Manhattan renters face sticker shock with an average rent of $5,200

An Apartments For Rent sign in front of a building in the East Village neighborhood of New York, USA

Gaby Jones | Bloomberg | Getty Images

Rents in Manhattan rose 2% in November, shattering hopes of a slowdown in prices and forcing many renters to give up or downsize their leases, according to realtors.

According to a report by Douglas Elliman and Miller Samuel, the median rent for an apartment in Manhattan was $4,033 in November, up from $3,964 in October. Average rent, which is often distorted by luxury sales, is down slightly over the month but is still up 19% year over year, hitting $5,249 in November.

The increases continue to defy predictions that sky-high New York rents would fall after the summer and give renters some relief after rents hit all-time records. While rents are falling in many parts of the country, rents in New York remain stubbornly high and the number of unlet or vacant apartments low.

“Rents aren’t falling as fast as many hope,” said Jonathan Miller, CEO of Miller Samuel.

The rise in New York rents is also putting pressure on headline inflation, as rents are a large component of inflation indices and New York is the nation’s largest rental market.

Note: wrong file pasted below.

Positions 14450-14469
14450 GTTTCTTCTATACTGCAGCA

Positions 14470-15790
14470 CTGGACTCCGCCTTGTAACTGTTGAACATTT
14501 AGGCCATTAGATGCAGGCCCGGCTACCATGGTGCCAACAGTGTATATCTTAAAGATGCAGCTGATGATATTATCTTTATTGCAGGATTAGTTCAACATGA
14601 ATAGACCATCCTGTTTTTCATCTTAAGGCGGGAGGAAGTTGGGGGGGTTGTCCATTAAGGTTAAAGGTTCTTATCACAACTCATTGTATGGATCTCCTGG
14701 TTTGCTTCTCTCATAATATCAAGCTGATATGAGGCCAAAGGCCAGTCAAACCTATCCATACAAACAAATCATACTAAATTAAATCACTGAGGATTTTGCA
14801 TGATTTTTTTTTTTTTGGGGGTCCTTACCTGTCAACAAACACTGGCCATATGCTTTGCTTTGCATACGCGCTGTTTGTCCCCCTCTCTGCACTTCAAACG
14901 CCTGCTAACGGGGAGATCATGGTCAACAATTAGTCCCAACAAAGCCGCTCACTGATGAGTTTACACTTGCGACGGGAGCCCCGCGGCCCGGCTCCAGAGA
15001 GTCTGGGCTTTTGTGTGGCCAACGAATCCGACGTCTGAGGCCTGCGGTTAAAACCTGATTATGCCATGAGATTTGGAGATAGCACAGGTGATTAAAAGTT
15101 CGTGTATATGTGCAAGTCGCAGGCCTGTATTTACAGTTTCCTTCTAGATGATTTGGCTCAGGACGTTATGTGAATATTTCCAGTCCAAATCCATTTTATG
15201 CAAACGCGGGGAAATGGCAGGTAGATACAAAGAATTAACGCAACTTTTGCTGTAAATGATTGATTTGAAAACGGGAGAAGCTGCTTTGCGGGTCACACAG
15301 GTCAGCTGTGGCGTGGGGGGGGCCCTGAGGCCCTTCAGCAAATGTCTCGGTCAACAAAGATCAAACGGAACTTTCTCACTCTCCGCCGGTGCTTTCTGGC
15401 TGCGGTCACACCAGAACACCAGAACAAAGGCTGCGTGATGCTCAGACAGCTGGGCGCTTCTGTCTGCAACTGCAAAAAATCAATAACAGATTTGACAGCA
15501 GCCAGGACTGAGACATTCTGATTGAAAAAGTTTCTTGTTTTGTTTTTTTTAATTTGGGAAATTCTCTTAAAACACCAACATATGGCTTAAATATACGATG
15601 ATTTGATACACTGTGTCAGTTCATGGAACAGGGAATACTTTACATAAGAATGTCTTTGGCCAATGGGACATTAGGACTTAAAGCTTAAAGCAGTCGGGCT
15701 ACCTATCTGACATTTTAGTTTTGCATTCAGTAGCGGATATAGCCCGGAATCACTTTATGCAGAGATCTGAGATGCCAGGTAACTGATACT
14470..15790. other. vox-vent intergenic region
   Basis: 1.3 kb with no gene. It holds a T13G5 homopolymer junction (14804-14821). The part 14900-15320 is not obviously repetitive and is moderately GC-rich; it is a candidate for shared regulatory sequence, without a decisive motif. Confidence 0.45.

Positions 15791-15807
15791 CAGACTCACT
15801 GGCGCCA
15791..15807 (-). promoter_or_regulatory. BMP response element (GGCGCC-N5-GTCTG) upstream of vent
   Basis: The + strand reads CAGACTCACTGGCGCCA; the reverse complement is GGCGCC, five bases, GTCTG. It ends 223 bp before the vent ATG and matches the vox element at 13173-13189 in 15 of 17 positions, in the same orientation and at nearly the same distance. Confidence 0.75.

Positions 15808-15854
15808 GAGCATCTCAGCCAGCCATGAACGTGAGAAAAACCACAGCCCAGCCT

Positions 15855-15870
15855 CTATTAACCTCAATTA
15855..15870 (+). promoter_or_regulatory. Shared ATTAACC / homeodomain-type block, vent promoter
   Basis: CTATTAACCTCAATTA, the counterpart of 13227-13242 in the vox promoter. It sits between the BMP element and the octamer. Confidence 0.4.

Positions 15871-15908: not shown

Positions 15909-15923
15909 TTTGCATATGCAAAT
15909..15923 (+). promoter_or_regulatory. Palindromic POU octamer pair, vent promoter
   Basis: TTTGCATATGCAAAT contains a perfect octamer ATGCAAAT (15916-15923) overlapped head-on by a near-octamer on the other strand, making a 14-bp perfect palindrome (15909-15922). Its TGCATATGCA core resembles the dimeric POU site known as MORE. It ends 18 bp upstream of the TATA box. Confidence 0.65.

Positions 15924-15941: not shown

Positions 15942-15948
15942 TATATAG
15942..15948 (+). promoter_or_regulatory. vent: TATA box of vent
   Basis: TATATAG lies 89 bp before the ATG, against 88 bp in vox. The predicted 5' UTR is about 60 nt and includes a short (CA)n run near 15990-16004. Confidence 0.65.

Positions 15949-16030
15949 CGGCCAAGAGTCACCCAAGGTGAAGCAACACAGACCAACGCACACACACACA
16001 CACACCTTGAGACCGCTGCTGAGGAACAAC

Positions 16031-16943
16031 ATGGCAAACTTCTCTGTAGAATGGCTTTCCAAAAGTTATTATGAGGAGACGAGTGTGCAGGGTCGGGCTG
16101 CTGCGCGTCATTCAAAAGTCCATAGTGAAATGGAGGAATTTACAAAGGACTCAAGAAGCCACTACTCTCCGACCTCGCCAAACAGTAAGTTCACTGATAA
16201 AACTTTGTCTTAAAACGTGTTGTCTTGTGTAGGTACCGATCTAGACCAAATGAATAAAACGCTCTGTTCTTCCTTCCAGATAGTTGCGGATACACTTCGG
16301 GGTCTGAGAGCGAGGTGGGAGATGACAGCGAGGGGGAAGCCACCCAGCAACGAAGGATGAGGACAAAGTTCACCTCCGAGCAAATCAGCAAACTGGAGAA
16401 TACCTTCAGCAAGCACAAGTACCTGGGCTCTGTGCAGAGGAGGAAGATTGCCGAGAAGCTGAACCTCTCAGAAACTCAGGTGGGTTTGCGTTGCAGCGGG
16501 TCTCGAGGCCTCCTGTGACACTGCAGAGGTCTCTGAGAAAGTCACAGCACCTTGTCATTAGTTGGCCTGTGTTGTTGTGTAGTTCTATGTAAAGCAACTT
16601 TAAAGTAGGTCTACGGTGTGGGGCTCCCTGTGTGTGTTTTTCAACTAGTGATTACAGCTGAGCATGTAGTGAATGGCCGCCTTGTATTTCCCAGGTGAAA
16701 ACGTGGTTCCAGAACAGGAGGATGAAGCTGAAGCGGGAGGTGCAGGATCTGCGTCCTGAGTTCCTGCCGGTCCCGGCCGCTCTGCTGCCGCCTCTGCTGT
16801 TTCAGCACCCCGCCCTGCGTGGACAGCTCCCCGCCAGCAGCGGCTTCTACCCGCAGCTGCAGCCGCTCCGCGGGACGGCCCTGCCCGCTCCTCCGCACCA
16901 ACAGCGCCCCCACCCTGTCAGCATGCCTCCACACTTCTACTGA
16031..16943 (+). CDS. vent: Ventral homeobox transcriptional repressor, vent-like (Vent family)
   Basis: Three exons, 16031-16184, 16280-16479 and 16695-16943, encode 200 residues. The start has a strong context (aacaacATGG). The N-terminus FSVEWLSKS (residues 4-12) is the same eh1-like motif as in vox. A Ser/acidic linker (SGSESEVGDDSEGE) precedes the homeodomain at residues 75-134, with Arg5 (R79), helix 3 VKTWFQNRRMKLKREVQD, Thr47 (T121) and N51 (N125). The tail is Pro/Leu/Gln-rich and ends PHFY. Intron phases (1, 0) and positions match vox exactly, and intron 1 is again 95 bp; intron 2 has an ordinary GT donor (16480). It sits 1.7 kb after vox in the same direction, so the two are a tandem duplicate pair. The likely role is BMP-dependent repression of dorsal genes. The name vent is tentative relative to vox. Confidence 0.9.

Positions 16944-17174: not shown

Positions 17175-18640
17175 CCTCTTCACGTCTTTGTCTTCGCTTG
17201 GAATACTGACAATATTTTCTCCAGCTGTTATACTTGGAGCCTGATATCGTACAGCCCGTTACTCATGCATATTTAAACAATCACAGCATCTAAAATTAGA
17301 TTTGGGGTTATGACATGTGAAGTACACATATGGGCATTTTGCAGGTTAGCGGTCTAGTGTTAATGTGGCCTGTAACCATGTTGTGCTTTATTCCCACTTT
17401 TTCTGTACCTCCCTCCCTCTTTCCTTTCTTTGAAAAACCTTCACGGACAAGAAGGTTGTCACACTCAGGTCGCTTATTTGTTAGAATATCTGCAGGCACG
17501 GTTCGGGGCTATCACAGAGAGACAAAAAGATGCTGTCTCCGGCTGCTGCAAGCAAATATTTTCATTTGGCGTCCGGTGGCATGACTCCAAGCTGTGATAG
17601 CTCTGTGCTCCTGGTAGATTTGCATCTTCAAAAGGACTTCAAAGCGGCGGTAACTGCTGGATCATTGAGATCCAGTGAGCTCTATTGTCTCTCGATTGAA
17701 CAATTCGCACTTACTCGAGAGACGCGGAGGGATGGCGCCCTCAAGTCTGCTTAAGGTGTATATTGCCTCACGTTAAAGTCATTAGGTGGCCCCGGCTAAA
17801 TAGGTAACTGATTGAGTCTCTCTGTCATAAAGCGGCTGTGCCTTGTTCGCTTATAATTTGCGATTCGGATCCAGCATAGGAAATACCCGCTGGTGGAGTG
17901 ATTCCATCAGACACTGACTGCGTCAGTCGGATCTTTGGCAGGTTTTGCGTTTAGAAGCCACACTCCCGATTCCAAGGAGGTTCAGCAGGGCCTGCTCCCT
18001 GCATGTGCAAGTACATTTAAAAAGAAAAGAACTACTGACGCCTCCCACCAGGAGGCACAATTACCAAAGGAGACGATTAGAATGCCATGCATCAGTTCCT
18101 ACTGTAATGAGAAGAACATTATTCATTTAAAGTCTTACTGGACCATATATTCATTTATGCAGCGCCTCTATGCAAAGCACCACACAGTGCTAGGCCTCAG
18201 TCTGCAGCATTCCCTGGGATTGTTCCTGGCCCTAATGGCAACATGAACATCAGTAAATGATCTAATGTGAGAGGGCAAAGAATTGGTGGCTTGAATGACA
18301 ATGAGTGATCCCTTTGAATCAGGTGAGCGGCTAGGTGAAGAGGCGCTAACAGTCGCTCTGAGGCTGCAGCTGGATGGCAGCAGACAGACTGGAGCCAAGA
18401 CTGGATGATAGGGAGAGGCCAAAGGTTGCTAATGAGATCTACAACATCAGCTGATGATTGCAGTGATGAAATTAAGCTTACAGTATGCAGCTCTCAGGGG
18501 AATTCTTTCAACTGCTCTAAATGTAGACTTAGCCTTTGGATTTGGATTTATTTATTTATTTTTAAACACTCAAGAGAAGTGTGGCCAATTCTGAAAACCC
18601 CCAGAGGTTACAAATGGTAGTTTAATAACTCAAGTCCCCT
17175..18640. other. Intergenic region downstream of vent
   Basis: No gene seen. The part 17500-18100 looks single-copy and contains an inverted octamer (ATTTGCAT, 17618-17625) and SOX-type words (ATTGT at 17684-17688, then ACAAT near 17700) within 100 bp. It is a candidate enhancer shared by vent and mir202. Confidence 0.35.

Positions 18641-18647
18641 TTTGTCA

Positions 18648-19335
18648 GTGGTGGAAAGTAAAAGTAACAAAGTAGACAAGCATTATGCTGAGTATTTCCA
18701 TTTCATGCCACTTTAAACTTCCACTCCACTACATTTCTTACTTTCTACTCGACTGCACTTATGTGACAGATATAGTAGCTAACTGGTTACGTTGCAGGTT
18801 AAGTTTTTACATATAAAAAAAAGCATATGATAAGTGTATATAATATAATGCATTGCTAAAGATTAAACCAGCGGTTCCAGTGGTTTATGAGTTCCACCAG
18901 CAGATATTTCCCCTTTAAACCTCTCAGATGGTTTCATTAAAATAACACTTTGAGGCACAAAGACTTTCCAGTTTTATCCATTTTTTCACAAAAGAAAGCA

Rents in Manhattan are so high that many renters are beginning to shy away from the prices — they’re either moving out of town or looking for smaller, cheaper rentals. The number of new leases signed in November is down 39% from October, the biggest drop since the pandemic began in 2020, Miller said.

Agents and real estate experts say landlords went too far when they started extending leases signed in 2020 and 2021, often demanding rent increases of 20% or more. Since landlords generally demand an annual income of 40 times the monthly rent from their tenants, the rising average rents have pushed many tenants to their limits.

“There’s a stalemate,” said Bess Freedman, CEO of Brown Harris Stevens. “In 2021, rents have skyrocketed and now renters are stuck. People won’t sign new leases at these prices, they’re just too expensive. Landlords need to start being smarter.”

Freedman said that one of her friends faced a 30% rent increase on a recent lease extension. “She felt like she was being outdone,” Freedman said.

Vacancy rates remain low, putting little pressure on landlords to lower rents any time soon. The vacancy rate was 2.4% in November — still below Manhattan’s historical norm of about 3%, according to Miller Samuel.

There are some early signs that landlords could start capitulating in 2023. Landlord concessions – which may include a month of free rent and other offers – rose to 16% in November from 13% in October. Real estate experts say the big drop in new rentals, if it continues, will ultimately force landlords to meet renters at a lower rate.

Joshua Young, executive vice president and managing director of sales and leasing at Brown Harris Stevens, said landlords are overly optimistic about expecting rent increases of 20% or more, and many are now starting to lower rates or make more concessions to keep their dwellings filled.

“A lot of landlords get stuck with inventory and don’t get their raises, so they lower the price,” he said.

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